Children’s Mental Health Week 2023: what Pestalozzi World does to ensure that we are providing the best care for our children.

Written by Dr Jo Nair PhD – Director of Programmes.

Our emphasis is on giving our children the loving, nurturing environment and skillset they need to ensure their good mental health. This involves helping them develop the resilience required to handle whatever life brings their way without threat to their wellbeing.

As an organisation providing residential care to children through their teenage years (ages 11-18) except during school holidays, it is particularly important that Pestalozzi World ensures the mental health and wellbeing of the children it cares for.

To achieve this the Pestalozzi World residential villages offer:

  • A Pestalozzi village ethos which puts love, enjoyment, trust in each other, compassion and care for others at the centre of everything
  • A period of orientation for the children when they first arrive, helping them adapt from their rural homes to living with many other children, often in a city environment.  Intensive in-house education is also provided to ensure that the children can make the transition from their government primary schools to academically high-achieving private secondary schools without mental stress
  • A safe and beautiful physical environment with spaces for children to relax in and play sports.  A clean environment, with well-maintained and decorated buildings and grounds full of shrubs and flowers.  The children help keep the physical environment looking good, giving them pride in their surroundings
  • Houses to live in with no more than 24 children per house, each house supervised by a Housemother who treats the children as she would her own.  Children eat as a family and are encouraged to sit and chat informally with their housemother.  The housemother makes herself available to them whatever their needs, 24 hours a day
  • A Pastoral Officer and a Matron who oversee the wellbeing of the children, working with the Housemothers to monitor their physical and mental health and providing them with both informal and formal group and individual counselling.  They also work with the staff to ensure that their mental health is nurtured, believing that staff wellbeing is vital for the wellbeing of the children in their care.
  • Encouragement to and opportunities for alumni of the Pestalozzi programme to come back as staff members or as volunteers.  Having been through the same programme, our graduates are best placed to help ensure the wellbeing of the children
  • Policies, which are child centred; these include, but are not confined to, the Child Safeguarding Policy, the Staff Code of Conduct, the Children’s Code of Conduct and the Disciplinary Policy.  The latter avoids punishment, preferring to offer counselling.  If punishment is necessary, it is always relevant and the reason for it always explained to the children, helping lead to the trust needed for good mental health.  Workshops for both staff and children ensure their engagement in the policies, while both staff and children are encouraged to question the policies, giving them the chance to be involved in how the Pestalozzi villages operate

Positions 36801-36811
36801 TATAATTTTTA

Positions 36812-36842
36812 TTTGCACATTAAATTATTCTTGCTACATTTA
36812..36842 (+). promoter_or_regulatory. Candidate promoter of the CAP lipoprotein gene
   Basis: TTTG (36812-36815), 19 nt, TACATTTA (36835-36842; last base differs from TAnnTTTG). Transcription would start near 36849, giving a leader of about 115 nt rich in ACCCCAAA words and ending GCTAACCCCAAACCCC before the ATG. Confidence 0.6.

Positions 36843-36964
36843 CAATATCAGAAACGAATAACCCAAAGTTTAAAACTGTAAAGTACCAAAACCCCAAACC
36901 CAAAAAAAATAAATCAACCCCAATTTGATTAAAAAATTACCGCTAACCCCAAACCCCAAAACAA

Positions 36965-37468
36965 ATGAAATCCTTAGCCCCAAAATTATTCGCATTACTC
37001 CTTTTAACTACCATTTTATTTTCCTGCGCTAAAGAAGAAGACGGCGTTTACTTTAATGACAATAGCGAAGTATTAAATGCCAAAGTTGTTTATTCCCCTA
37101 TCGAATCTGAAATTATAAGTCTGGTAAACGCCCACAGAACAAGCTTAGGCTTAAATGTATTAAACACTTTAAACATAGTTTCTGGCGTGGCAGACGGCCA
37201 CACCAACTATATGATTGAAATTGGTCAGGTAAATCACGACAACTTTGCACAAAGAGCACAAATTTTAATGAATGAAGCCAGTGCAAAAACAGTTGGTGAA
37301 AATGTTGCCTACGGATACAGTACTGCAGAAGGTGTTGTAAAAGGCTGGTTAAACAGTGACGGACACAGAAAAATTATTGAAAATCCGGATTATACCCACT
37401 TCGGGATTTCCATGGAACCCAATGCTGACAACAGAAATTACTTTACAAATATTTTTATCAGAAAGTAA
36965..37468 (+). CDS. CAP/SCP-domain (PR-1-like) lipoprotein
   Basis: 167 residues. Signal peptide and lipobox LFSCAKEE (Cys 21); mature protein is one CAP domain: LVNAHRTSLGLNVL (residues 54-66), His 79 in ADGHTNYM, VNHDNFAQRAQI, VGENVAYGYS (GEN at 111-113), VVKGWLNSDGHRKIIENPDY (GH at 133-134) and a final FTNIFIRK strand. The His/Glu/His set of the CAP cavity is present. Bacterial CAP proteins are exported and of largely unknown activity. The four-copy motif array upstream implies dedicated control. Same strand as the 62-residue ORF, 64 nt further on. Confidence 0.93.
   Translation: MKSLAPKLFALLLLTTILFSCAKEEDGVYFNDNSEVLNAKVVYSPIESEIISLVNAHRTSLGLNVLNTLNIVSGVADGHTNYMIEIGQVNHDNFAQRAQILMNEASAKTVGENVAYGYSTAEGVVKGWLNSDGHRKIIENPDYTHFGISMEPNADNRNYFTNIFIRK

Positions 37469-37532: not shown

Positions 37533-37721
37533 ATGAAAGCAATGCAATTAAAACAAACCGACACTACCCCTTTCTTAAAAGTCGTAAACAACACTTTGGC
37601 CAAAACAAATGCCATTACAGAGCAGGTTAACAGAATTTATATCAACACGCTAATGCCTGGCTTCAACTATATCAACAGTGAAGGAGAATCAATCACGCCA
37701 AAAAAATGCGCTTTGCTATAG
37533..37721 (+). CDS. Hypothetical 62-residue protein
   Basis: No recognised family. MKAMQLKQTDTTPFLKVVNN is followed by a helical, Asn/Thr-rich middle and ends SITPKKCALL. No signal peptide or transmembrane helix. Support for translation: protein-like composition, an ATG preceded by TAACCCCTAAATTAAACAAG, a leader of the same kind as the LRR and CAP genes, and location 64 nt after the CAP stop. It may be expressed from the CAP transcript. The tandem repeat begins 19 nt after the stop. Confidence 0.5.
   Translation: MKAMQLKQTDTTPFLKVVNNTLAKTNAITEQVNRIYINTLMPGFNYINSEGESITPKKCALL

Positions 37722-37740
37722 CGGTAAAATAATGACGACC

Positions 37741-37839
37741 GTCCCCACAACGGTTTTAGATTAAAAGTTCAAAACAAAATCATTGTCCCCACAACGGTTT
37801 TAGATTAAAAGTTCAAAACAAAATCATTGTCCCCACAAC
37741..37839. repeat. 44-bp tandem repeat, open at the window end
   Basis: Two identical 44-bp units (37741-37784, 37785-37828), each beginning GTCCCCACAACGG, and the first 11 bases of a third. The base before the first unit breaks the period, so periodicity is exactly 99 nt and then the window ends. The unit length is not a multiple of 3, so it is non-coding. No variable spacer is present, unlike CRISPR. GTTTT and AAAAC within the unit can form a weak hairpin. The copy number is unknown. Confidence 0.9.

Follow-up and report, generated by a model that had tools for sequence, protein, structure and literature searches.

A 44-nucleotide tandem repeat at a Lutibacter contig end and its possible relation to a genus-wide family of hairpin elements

• Democratically elected student councils, and suggestion boxes.  If the children’s suggestions cannot be put into action, reasonable explanations as to why not are given.  Having their voices heard promotes the mental health of the children
  • Workshops for children on areas supportive of their mental wellbeing, especially on Adolescence, and Sexual Health and Reproduction
  • A programme of extra-curricular activities to promote the all-round wellbeing of the children.  At Pestalozzi World, we recognise that intellectual, physical, social and mental wellbeing all contribute to good mental health:
    • Intellectual wellbeing is promoted through activities including educational excursions, quizzes, debates and public speaking, book clubs, careers advice and an emphasis on peer learning.  These supplement the academic education provided in school
    • Physical wellbeing is nurtured through opportunities for sports as well as provision of hands-on programmes of skills activities such as art and craft, carpentry, computer and mobile phone repair, bicycle repair, drama, dance and music, organic gardening, sewing and opportunities to develop small scale, entrepreneurial craft-based businesses.  A well-balanced, nutritional diet and supervised meals also help ensure the physical wellbeing of the children
    • Social wellbeing is promoted by opportunities for children to help others.  Children volunteer in organisations such as old people’s homes, community schools and clinics.  It is promoted through leisure activities – each birthday is celebrated in-house, and the children celebrate all the local festivals and important days.  These events also help ensure the children feel continuity with and pride in their backgrounds
    • In addition, the children’s mental health is supported through a programme of values-based teaching and learning activities, available at  These provide a Pestalozzi extra-curricular programme of activities which are: holistic, child-centred, active, connected to nature, supportive of cooperative behaviour, community-oriented and relevant to the all-round current and future wellbeing of the children
Our Pastoral officer, Mwinji Nachembe, in Zambia, talking about the importance of her role.

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